What Makes a Path Light Made in USA?

If a plastic bottle containing American-made shampoo was molded in the U.S., but the raw plastic was sourced from China, can the shampoo be labeled “Made in USA.” What do you think?

What does it mean to be “Made in USA?” You’ve probably seen a lot of labels that say “Assembled in USA” or “Designed in USA” or “Partially Made in USA” or “Made in USA with U.S. and Imported Parts.”

It’s great that manufacturers are being honest in their labeling and that they’re entertaining the principle of Made in USA. But what does it take to be able to legally claim American-made?

The Federal Trade Commission requires “that a product …be ‘all or virtually all’ made in the U.S.”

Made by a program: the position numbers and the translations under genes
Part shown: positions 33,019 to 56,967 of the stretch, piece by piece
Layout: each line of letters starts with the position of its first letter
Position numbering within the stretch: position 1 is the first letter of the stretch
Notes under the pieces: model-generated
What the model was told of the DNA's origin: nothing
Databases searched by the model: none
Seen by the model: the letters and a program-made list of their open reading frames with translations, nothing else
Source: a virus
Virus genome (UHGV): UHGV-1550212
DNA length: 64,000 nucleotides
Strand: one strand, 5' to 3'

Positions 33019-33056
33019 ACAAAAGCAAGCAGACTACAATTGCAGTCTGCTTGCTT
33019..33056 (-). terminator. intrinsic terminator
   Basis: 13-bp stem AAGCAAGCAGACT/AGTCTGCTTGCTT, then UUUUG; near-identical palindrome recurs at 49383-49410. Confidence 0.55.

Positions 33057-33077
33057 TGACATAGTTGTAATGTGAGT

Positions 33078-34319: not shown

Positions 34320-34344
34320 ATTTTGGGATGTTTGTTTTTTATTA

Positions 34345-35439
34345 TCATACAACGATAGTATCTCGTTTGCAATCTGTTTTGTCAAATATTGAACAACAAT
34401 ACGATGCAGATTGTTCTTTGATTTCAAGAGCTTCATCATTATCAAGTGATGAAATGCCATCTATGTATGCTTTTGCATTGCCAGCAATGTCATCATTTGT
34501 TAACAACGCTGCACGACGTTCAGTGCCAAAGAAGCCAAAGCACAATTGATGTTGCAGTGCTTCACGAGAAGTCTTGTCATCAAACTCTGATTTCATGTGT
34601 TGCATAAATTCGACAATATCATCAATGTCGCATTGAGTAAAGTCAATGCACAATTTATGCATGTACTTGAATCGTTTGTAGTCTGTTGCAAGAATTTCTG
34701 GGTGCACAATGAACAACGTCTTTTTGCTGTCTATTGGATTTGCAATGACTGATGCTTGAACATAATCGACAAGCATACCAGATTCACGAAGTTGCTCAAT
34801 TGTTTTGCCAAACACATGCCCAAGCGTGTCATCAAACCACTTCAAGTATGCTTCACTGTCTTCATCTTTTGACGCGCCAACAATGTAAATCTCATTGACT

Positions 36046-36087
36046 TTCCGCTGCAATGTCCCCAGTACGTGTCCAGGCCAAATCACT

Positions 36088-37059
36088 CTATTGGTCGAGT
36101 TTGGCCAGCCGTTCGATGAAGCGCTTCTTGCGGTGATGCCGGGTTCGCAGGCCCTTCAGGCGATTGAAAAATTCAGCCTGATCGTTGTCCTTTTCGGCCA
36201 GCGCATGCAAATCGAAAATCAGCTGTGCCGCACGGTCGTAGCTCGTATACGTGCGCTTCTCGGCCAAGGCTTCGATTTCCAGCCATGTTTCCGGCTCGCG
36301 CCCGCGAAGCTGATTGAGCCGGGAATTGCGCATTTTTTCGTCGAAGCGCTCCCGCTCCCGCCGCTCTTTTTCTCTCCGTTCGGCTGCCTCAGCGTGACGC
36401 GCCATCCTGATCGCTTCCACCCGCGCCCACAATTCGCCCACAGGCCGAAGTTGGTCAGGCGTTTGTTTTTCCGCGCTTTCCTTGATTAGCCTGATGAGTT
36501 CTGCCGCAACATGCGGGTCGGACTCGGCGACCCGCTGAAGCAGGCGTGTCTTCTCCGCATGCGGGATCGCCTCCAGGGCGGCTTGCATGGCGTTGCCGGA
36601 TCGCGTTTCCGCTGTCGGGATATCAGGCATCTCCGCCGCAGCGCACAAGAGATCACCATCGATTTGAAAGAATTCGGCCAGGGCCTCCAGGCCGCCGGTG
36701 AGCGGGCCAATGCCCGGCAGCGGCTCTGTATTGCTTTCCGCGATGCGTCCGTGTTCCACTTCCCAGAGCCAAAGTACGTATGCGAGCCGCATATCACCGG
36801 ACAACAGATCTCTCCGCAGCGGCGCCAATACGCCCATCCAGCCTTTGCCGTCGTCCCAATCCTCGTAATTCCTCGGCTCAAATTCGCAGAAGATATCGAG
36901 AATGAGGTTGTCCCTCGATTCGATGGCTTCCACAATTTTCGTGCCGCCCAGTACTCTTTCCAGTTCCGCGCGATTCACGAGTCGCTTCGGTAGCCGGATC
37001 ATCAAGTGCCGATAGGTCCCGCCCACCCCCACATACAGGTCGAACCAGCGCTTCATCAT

What does “all or virtually all” mean?

1) Final assembly/processing must happen in the United States; and

2) The percentage of parts and manufacturing costs not incurred in the United States must be negligible.

And how far back in the supply chain do you go (as in the case of the shampoo bottle)?

In a nutshell, if the raw material is a significant amount of the product’s total cost or if it is largely associated with the end product, then it must be factored in.

You can read the Federal Trade Commission’s explanation in the link below.

We can happily say that Pathmark Lumination heavy duty American-made path lights are “all or virtually all’ made in the U.S.”

Information for this post came from the FTC’s page: www.ftc.gov/business-guidance/resources/complying-made-usa-standard